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Proc Natl Acad Sci U S A. 1992 Jan 1;89(1):251-5.

Cloning and functional characterization of a family of human and mouse somatostatin receptors expressed in brain, gastrointestinal tract, and kidney.

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  • 1Department of Biochemistry and Molecular Biology, University of Chicago, IL 60637.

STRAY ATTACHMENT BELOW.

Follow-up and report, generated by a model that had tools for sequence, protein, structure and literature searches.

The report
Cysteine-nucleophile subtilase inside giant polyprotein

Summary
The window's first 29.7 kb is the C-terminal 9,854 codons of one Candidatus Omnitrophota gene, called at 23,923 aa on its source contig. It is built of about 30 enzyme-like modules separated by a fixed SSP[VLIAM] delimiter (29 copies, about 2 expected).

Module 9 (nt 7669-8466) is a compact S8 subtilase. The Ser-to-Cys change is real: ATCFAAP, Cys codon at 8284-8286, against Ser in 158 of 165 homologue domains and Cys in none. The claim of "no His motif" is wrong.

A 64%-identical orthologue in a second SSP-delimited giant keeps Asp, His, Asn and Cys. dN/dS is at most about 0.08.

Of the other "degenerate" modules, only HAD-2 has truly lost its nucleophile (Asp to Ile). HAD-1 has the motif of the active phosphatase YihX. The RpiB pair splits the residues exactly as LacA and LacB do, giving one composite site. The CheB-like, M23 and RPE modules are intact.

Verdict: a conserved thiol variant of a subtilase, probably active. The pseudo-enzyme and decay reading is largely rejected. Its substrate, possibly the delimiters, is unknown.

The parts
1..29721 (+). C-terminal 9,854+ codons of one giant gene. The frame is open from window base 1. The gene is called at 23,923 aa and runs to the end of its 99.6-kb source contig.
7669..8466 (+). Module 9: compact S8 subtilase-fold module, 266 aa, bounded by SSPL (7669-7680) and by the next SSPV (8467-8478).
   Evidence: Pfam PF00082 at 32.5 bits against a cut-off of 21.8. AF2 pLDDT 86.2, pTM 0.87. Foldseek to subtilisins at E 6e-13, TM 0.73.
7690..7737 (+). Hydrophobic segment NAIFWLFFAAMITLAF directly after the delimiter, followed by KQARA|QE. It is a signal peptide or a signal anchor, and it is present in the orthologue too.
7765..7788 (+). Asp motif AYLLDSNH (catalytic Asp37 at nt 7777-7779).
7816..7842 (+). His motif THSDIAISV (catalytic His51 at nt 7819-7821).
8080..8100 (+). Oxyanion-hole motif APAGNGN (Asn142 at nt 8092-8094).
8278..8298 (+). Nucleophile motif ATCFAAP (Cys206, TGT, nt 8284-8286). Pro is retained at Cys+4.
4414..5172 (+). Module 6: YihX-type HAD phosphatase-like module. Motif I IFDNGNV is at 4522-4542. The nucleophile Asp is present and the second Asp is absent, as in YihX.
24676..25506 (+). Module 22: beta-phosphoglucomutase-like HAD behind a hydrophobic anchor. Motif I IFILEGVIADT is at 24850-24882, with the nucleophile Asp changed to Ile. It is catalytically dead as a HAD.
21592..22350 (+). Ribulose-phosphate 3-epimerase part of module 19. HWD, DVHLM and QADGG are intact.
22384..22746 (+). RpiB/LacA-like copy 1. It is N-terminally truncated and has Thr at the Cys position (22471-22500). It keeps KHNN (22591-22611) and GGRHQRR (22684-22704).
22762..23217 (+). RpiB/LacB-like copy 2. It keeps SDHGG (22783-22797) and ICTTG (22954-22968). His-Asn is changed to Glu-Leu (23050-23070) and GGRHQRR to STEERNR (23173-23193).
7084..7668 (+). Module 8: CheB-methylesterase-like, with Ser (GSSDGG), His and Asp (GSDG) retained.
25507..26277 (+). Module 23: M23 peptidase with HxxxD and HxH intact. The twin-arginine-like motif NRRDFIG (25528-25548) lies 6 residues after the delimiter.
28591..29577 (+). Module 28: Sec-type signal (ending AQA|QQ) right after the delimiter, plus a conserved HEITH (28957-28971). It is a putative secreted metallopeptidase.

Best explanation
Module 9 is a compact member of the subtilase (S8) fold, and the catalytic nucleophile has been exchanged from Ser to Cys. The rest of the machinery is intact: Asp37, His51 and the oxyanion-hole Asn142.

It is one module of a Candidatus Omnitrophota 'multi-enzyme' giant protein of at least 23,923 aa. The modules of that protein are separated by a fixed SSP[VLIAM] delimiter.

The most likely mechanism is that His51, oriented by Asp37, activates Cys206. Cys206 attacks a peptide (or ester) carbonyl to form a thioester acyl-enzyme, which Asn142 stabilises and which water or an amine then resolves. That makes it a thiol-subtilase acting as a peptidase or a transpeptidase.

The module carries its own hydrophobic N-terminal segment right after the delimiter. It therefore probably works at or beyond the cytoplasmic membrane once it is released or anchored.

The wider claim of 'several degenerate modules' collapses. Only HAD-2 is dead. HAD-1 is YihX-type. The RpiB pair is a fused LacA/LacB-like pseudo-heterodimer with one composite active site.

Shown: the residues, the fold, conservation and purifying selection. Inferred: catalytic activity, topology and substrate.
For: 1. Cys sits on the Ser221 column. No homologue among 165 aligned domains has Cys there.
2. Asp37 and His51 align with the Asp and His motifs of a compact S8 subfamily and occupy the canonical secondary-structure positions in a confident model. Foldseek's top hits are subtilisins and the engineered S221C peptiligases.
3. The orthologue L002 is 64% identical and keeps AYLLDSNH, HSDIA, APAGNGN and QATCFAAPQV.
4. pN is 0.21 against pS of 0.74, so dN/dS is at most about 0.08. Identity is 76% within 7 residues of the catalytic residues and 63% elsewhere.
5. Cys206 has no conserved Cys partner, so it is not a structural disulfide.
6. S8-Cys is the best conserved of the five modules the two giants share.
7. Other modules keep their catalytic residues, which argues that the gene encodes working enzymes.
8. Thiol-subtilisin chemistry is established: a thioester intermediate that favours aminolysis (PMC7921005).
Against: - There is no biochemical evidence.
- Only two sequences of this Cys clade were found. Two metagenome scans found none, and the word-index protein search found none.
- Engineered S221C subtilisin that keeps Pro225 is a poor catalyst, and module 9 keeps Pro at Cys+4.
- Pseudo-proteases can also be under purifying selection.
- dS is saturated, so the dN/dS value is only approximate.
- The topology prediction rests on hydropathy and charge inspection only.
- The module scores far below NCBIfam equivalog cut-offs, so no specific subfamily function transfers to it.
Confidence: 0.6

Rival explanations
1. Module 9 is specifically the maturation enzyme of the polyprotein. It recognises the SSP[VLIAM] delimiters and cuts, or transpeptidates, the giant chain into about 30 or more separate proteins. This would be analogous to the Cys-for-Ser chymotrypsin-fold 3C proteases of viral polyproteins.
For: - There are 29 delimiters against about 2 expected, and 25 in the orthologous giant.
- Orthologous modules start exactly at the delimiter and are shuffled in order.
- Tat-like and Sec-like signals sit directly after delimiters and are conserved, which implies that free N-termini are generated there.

Somatostatin is a tetradecapeptide that is widely distributed in the body. It acts on multiple organs including brain, pituitary, gut, exocrine and endocrine pancreas, adrenals, thyroid, and kidneys to inhibit release of many hormones and other secretory proteins. In addition, it functions as a neuropeptide affecting the electrical activity of neurons. Somatostatin exerts its biological effects by binding to specific high-affinity receptors, which appear in many cases to be coupled to GTP-binding proteins. Here we report the cloning, functional expression, and tissue distribution of two different somatostatin receptors (SSTRs). SSTR1 and SSTR2 contain 391 and 369 amino acids, respectively, and are members of the superfamily of receptors having seven transmembrane segments. There is 46% identity and 70% similarity between the amino acid sequences of SSTR1 and SSTR2. Stably transfected Chinese hamster ovary cells expressing SSTR1 or SSTR2 exhibit specific somatostatin binding, with an apparently higher affinity for somatostatin-14 than somatostatin-28, and NH2-terminally extended form of somatostatin-14. RNA blotting studies show that SSTR1 and SSTR2 are expressed at highest levels in jejunum and stomach and in cerebrum and kidney, respectively. A SSTR1 probe hybridized to multiple DNA fragments in EcoRI digests of human and mouse DNA, indicating that SSTR1 and SSTR2 are members of a larger family of somatostatin receptors. Thus, the biological effects of somatostatin are mediated by a family of receptors that are expressed in a tissue-specific manner.

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